[Warning: Spoilers throughout]
One of my close friends is watching “Sex and the City” for the first time as she recovers from getting her tonsils out, and she’s been texting me her reactions to the show. It’s funny to vicariously live through her experience of watching an iconic series like SATC in 2021.
I first watched the show in 2015, long after it stopped airing in 2004, thanks to a roommate who had a box set that I devoured during the depressive seven months I lived in DC, pining for New York City. I was surprised by how much I enjoyed the show, which I’d expected to feel much more outdated than it did—with some important digressions.
Yesterday my friend texted me about one episode of the show I’d forgotten about, in which Carrie is disgusted by the fact that a younger man she is seeing is, in her words, “a bisexual.” Her friends back her up at a classic biphobic brunch with the gals. “Of course it’s a problem,” pipes up Miranda. Bisexuality, Carrie quips, “is just a layover on the way to Gaytown.” Charlotte adds, “pick a side, and stay there.” Samantha, bless her heart, is the only one who doesn’t have a problem with it.
As my friend (who is bi herself) texted, “They named every bi stereotype in one brunch.”
The implication here is that bisexuality is shameful, slutty, threatening, and simply, not real. For a show allegedly about sex positivity among women, that sure is closed-minded.
Today, at least among the progressive crowd, this kind of thinking feels completely backwards, a testament to how far the LGBTQ movement has come over the last two decades. Indeed, the fight for marriage equality is often cited among organizers as one of the fastest, most effective shifts in public opinions in social movement history. Though marriage equality and LGBTQ rights are of course not the same thing, the legalization of gay marriage does attest to a monumental shift in the perception of queerness over the course of one generation.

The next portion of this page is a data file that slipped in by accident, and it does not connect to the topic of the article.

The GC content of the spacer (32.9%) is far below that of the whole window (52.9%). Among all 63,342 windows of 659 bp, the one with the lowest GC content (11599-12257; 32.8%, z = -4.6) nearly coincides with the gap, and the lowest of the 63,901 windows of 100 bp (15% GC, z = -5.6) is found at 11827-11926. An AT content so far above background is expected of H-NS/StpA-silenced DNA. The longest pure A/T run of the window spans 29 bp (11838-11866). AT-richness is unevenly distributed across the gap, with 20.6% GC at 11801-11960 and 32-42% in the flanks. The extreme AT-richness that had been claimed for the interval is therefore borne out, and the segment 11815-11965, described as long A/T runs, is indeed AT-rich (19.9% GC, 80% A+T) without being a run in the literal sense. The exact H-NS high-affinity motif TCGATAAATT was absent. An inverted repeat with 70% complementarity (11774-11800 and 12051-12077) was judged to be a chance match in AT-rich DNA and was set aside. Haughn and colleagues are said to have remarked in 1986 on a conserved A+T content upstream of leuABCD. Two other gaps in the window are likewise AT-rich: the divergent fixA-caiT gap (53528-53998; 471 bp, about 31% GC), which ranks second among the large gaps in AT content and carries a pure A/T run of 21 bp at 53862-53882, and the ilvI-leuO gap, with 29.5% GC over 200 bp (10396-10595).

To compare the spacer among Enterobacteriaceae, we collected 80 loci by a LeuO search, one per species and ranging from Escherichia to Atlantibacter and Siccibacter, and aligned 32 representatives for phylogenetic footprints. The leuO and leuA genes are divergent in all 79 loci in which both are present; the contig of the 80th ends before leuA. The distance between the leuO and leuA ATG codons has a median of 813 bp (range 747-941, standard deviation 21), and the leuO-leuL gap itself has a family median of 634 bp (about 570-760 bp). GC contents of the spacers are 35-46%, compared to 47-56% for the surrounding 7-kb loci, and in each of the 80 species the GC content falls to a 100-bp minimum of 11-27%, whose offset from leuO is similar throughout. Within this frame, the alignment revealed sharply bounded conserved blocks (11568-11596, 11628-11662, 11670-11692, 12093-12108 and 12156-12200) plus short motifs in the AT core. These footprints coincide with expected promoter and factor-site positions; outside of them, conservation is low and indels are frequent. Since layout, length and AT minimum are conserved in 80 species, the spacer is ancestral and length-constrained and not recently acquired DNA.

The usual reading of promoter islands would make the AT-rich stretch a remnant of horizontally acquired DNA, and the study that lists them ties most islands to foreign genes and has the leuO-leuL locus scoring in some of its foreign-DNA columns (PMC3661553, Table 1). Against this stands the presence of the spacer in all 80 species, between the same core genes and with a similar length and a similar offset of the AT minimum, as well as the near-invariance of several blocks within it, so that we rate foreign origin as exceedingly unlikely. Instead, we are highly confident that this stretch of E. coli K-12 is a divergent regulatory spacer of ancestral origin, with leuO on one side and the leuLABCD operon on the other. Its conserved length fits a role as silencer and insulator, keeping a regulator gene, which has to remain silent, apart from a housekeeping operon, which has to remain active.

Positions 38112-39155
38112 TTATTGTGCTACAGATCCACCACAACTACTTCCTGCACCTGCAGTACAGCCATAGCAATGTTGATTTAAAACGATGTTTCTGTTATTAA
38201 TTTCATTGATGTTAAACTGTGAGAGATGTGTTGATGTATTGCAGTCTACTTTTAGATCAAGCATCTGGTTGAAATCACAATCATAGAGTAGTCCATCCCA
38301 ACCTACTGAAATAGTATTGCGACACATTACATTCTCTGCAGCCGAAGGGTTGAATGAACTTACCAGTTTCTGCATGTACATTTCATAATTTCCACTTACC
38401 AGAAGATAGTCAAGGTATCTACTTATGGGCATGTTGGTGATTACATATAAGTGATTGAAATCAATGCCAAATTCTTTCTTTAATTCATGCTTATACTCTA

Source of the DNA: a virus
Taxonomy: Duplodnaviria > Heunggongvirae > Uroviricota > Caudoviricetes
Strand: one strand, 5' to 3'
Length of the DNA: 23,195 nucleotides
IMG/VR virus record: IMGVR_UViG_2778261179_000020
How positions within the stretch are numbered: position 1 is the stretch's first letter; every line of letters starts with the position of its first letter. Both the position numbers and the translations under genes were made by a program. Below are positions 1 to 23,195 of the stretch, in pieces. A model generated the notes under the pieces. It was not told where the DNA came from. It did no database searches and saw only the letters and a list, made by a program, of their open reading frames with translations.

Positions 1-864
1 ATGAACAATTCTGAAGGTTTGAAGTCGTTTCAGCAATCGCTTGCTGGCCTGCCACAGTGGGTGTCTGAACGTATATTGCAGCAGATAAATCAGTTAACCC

Bi representation specifically has also come a long way, and in television that journey has been a rocky one. Broadly speaking, the late ‘90s and early aughts years of “Sex and the City” and “Friends,” and even “Will and Grace,” were chock full of offensive bi stereotypes and erasure. One of those stereotypes is that lesbianism and bisexuality among women exists for the sole purpose of titillating men, a stereotype that was alive and well during the mid-aughts “I Kissed a Girl” phase of bisexual representation on TV (see “The O.C.” and “How I Met Your Mother.”) Then there was the “depraved bisexual” trope embodied by Alison in “Pretty Little Liars,” (and a deeply offensive portrayal of a trans person) despite the show’s positive portrayal of a lesbian character, Emily. Yet in recent years, and particularly in the wake of 2016, as Gen Z has become ascendant, we’ve seen more positive and nuanced portrayals of bisexuality. I’m especially excited to talk about this topic, because they concern two of my favorite shows, which are criminally underrated and underwatched. (If this newsletter post gets you to watch one of them, my job here will be done! Let me first reiterate my spoilers warning.)
First, run, don’t walk to your nearest Netflix account and watch the zany dramedy “Teenage Bounty Hunters.” The show was produced by Jenji Kohan of “Orange Is the New Black” (2013) fame, a revolutionary show that spoke to the power that television can have in influencing public political discourse on the prison-industrial complex—and also featured a bisexual protagonist and a range of queer characters. “Teenage Bounty Hunters” is sillier but still has important things to say. It takes place in a very white, very conservative, very Christian suburb of Atlanta. When the show begins, Sterling (Maddie Phillips), one of a pair of twin protagonist high school students, is dating Luke, a sweet and hapless boy she’s been with since she was in elementary school, but midway through the show, there’s a twist, when Sterling realizes she is attracted to her class rival, April (Devon Hales). Sterling is mortified after she kisses April, but surprisingly, April reciprocates.
Over the next few episodes the two date secretly. While some television shows from the mid-2000s have faced criticism for not showing queer couples demonstrating any kind of romantic affection (see: “Modern Family”), in “Teenage Bounty Hunters” we get to see April and Sterling “do cute couple stuff like woodworking, laser tag, and making silly kissy faces on the phone,” as Delia Harrington noted for Bi.org, part of the American Institute for Bisexuality, an organization that seeks to support people who identify as bisexual and promote bi visibility.
April knows she’s a lesbian, but Sterling isn’t so sure. She seems to be more bi or fluid, but doesn’t want to put a label on it yet. What she doesn’t want is for her relationship to be a secret. But April is afraid to go public because her father, who “hates the gays,” won’t support her if she comes out.” Importantly, April doesn’t think being gay is at odds with her Christianity. “I do not believe God is going to smite me for being a lesbian. He made me, along with narwals and those tiny blue poison frogs. So clearly he has a master plan,” she tells Sterling in one scene.